• Fever or chills
  • Cough
  • Shortness of breath or difficulty breathing
  • Fatigue
  • Muscle or body aches
  • Headache
  • New loss of taste or smell
  • Sore throat
  • Congestion or runny nose
  • Nausea or vomiting
  • Diarrhea

If you feel like symptoms, you can start with Advocate Aurora Health’s COVID-19 Symptom Checker here.

Get the care you need

Just because COVID-19 rightly has dominated everyone’s attention for months doesn’t mean your other health issues have gone away. News reports have suggested that people aren’t seeking the basic health care they need – even for serious conditions such as heart attacks and strokes. Ignoring what seem like small health issues now can create big problems in the future. Your first step can be to call your doctor.

With that in mind, Advocate Aurora Health has made a Safe Care Promise to patients so that you can feel safe going to see the doctor. Here’s what that means:

  • All patients, team members, providers and approved guests will be screened before entering a hospital, office or other care site.
  • Patients, team members, providers and approved guests are all provided with a mask before entering.
  • Social distancing will be observed. Our newly designed waiting areas and staggered appointment times reduce traffic, minimizing contact and creating safe spaces for all.
  • Virtual check-ins through the LiveWell mobile phone app provides for seamless, low-contact arrivals.
  • All public and treatment areas will undergo additional disinfectant and cleaning throughout the day and hand sanitizer will be readily available.


Parents face an endless series of difficult choices in normal times, and the pandemic has made just about all of them more difficult.

Knowing that, a group of top Advocate Aurora Health doctors gathered for a Facebook Live event on Wednesday, answering viewer questions about sports, screen time, school and more.

You can watch the full session below.

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  1. Are paper masks good protection?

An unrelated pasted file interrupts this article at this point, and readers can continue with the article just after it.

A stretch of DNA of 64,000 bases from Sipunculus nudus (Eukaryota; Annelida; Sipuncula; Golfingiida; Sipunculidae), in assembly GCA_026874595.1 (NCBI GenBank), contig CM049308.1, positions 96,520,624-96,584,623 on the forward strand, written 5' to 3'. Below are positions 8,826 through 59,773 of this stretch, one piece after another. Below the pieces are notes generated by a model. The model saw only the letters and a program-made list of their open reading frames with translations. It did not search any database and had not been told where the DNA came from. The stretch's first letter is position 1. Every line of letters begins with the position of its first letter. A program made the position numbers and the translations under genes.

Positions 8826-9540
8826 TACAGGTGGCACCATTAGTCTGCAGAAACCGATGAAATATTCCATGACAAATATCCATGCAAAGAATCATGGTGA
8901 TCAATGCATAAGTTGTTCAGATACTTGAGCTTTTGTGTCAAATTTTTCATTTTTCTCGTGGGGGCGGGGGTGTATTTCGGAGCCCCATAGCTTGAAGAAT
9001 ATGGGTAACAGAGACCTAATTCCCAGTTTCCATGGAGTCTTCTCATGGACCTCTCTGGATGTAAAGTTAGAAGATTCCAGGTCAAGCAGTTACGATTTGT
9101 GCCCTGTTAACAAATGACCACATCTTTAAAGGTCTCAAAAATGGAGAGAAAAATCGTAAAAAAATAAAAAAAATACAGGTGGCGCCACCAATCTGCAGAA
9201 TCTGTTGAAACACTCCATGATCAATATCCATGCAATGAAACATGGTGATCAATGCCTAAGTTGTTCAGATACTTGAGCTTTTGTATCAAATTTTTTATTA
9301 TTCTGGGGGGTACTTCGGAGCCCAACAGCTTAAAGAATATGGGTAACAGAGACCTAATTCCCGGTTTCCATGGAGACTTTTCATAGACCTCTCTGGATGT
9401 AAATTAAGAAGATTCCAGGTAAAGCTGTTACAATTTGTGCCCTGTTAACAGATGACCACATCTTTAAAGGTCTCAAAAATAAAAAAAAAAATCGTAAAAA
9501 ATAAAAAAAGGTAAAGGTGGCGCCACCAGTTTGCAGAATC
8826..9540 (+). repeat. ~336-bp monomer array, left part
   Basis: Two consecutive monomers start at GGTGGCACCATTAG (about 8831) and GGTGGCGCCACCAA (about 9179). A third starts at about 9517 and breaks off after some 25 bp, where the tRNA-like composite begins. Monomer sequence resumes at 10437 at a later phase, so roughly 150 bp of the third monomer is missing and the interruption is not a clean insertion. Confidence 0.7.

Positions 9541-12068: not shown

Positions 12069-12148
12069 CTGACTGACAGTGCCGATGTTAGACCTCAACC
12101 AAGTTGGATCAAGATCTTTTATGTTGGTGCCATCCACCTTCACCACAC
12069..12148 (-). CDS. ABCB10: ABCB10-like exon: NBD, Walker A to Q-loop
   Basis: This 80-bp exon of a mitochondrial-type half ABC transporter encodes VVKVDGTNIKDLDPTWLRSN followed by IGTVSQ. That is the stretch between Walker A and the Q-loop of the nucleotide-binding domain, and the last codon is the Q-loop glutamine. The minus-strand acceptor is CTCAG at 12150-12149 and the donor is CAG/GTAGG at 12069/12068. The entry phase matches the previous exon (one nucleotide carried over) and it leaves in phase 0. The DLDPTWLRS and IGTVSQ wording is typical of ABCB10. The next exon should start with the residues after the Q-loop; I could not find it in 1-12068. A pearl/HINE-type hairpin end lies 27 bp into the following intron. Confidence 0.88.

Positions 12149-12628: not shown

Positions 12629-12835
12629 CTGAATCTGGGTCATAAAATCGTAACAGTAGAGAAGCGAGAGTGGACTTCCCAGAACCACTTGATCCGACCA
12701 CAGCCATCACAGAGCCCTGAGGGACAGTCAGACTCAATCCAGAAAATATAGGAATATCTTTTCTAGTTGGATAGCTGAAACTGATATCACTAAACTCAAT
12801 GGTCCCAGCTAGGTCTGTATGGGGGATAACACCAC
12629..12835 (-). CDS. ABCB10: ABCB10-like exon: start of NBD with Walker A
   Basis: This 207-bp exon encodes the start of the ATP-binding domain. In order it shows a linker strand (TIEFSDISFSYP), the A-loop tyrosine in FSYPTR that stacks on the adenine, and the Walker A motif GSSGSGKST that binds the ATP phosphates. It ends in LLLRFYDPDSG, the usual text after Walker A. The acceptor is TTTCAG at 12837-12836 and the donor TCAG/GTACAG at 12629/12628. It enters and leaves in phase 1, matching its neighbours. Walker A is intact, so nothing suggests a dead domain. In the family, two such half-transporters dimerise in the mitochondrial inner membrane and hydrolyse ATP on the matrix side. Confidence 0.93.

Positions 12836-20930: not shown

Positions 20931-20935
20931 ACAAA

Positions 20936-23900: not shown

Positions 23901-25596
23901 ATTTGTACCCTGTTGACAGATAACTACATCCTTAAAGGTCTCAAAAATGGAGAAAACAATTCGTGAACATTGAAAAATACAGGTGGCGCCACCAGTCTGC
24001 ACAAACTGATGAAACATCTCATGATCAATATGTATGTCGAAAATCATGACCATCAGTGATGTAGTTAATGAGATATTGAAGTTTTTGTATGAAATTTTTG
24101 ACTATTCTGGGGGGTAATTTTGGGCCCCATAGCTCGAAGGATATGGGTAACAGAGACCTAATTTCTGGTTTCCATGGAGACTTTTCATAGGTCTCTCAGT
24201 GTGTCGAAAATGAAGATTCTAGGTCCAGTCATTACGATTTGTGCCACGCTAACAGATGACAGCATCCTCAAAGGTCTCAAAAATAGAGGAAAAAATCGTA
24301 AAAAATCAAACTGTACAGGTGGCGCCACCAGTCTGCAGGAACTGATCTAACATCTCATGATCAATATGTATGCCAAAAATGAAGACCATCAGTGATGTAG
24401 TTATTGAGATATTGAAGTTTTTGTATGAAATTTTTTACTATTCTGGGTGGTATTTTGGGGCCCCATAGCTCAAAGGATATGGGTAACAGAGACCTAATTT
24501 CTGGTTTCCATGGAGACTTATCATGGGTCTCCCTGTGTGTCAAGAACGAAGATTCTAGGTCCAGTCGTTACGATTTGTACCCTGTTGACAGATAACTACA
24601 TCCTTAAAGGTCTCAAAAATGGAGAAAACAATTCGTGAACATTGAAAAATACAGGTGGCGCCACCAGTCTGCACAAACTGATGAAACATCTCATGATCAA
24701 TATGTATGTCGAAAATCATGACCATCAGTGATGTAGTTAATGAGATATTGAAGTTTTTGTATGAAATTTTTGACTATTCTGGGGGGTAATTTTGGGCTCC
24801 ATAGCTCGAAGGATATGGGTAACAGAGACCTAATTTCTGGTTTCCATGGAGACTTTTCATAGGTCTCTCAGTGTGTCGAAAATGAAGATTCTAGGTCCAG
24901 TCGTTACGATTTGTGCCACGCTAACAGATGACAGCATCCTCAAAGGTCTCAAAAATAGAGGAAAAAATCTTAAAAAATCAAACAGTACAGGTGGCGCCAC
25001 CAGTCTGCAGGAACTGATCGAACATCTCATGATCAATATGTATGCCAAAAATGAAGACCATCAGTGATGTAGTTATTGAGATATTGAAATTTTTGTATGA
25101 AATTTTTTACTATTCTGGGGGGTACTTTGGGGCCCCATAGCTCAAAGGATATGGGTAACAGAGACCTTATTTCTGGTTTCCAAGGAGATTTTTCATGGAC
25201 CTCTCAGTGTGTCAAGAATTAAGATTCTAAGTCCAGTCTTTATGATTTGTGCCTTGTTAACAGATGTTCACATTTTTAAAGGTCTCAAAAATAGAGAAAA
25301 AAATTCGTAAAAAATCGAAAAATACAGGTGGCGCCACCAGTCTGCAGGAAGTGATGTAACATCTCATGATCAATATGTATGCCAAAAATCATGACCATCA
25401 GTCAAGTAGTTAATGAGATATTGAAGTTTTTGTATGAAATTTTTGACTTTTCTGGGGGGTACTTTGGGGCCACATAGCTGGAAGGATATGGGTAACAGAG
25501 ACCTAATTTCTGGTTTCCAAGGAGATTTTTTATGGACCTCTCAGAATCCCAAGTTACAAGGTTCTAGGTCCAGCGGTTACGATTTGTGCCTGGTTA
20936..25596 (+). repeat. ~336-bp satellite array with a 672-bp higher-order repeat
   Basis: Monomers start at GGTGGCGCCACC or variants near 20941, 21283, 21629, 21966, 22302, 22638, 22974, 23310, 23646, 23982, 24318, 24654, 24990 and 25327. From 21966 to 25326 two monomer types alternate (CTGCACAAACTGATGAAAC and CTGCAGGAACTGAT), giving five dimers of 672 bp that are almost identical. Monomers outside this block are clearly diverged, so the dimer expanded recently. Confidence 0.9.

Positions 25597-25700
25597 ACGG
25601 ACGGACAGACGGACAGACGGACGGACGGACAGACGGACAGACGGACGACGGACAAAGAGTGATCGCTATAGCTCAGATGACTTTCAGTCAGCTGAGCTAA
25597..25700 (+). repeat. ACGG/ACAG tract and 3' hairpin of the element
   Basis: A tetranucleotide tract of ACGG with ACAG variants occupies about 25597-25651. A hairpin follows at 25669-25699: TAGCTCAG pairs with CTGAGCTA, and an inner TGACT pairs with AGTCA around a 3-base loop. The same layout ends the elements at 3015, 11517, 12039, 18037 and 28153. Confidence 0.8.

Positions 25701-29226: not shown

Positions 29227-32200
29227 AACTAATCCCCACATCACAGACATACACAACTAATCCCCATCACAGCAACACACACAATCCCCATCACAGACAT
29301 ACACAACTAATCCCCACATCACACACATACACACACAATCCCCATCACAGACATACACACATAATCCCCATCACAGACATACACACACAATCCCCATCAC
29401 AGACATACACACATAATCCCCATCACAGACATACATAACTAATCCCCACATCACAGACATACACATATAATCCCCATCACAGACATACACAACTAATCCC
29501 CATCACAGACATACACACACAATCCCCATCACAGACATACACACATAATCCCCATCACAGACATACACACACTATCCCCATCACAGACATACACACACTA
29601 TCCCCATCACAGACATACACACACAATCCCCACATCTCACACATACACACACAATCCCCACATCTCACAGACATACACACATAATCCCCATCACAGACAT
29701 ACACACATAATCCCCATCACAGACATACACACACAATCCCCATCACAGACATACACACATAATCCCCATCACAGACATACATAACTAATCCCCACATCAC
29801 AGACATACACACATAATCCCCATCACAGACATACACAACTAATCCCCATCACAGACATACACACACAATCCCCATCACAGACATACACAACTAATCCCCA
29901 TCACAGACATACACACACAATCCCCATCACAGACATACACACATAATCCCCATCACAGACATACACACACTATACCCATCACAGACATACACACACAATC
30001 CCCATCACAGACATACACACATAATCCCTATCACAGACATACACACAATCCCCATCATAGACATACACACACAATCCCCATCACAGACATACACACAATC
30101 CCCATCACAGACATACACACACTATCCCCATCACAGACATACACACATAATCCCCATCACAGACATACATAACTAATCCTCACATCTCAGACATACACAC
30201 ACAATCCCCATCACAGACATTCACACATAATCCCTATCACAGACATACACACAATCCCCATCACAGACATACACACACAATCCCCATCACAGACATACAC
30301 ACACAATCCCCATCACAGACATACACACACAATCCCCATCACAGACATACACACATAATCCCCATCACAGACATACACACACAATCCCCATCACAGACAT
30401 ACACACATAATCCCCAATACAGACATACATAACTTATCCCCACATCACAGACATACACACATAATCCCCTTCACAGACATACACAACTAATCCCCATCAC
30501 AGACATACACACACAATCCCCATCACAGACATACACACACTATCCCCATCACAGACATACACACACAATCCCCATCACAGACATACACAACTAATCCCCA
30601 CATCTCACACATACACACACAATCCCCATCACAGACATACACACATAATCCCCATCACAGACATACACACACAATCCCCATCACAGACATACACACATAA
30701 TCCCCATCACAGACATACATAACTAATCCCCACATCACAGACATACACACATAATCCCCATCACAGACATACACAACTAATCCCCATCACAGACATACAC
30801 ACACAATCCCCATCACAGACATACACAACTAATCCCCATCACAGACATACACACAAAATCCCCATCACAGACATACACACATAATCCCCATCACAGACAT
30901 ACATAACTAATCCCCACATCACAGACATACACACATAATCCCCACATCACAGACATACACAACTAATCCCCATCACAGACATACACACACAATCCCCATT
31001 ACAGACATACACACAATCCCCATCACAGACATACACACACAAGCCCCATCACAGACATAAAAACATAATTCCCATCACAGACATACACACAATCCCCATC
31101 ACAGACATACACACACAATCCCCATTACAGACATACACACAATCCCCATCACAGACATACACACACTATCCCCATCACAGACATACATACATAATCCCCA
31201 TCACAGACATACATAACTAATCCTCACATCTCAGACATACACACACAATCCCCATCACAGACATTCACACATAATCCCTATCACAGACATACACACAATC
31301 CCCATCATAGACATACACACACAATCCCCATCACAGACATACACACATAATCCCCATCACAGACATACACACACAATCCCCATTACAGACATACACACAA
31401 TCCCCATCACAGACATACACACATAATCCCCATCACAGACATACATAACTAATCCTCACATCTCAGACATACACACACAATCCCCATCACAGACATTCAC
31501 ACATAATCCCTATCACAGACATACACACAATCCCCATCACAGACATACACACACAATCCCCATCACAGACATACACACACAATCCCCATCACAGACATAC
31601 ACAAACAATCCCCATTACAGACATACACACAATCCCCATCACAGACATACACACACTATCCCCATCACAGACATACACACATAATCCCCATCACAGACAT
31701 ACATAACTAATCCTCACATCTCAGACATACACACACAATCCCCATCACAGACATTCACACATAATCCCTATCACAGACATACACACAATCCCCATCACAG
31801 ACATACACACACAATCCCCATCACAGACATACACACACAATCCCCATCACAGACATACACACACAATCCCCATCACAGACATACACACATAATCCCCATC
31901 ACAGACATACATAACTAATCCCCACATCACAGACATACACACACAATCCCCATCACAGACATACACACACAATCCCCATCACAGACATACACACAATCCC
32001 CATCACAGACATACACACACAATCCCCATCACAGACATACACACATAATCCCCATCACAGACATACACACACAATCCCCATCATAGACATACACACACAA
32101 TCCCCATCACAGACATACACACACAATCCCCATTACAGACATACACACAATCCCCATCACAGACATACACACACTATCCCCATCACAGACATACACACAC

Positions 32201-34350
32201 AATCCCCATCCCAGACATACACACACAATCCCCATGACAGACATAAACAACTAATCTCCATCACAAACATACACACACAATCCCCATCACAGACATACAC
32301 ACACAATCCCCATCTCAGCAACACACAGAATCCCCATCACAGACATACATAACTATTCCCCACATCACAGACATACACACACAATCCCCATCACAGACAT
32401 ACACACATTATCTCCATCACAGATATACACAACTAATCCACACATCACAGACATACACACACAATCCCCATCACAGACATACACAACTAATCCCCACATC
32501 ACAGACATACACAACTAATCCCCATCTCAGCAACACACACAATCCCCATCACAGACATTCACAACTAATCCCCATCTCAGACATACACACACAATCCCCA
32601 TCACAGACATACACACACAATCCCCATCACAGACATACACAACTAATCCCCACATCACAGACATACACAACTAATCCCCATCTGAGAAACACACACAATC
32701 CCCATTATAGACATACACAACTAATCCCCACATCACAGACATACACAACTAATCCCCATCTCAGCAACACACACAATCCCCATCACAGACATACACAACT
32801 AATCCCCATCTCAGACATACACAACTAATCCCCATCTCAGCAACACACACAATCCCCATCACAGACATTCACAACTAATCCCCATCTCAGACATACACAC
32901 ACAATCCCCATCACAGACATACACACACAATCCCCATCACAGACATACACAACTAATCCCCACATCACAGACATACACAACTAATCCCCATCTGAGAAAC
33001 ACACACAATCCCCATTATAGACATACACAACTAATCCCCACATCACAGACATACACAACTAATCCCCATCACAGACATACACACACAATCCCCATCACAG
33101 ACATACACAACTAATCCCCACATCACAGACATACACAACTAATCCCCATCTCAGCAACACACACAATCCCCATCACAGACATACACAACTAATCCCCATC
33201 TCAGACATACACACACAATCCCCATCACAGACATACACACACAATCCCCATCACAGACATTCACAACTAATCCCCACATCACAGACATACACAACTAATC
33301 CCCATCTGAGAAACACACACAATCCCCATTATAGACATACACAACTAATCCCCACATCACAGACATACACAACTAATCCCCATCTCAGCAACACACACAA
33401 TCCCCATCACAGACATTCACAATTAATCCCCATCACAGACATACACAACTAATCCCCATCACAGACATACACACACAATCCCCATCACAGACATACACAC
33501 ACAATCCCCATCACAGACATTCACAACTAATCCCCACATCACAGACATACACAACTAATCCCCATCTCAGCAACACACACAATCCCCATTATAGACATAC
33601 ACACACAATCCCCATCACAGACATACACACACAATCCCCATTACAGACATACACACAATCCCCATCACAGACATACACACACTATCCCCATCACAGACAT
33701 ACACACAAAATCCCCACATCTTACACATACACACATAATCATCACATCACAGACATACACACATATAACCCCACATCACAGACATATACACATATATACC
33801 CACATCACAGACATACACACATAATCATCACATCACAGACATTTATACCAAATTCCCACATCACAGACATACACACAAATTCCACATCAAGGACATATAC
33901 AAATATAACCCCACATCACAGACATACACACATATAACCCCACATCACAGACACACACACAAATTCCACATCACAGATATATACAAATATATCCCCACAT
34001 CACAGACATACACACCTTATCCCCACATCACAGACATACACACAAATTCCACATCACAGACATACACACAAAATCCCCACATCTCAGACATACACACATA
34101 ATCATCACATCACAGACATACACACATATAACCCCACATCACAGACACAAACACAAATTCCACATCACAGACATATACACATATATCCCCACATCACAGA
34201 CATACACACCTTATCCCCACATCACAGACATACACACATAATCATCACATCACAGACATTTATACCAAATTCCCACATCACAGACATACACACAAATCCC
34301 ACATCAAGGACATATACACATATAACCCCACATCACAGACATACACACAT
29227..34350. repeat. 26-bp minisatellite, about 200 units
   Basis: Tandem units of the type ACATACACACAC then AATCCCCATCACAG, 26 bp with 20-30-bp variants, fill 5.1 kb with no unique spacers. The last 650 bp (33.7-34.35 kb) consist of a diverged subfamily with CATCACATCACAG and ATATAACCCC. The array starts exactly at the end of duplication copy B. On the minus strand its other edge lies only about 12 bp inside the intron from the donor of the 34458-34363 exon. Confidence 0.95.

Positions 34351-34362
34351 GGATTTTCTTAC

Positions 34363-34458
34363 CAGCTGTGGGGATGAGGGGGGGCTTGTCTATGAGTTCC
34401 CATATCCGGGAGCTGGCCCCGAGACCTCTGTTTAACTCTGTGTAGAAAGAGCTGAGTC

2. Mask usage in Wood County of central Wisconsin is very low.

  3. Stacy Wandschneider November 12, 2020 at 8:36 am · Reply

    There is a lot of talk about all the new positive cases of COVID. How many hospitalizations have come out of the new cases?

  4. The number of Covid-19 cases in the hospital system I work in is escalating fast.

    This week, our system had over 1000 Covid patients.
    Last week, it was about 800.
    2 weeks ago, it was at 600.
    weeks ago, it was at 500.
    A month ago, it was at 370.
    2 months ago, we were hovering around 250.

    I wish people would take Covid-19 seriously again, but people have become so desensitized to it or don’t realize the impact our hospitals are feeling. : (

  5. Great tips and suggestions from the panels. Building a good sense of connectivity, education, and teamwork, we become a stronger community. Thanks for taking time to create this video!

About the Author

Mike Riopell
Mike Riopell

Mike Riopell, health enews contributor, is a media relations coordinator with Advocate Aurora Health. He previously worked as a reporter and editor covering politics and government for the Chicago Tribune, Daily Herald and Bloomington Pantagraph, among others. He enjoys bicycles, home repair, flannel shirts and being outside.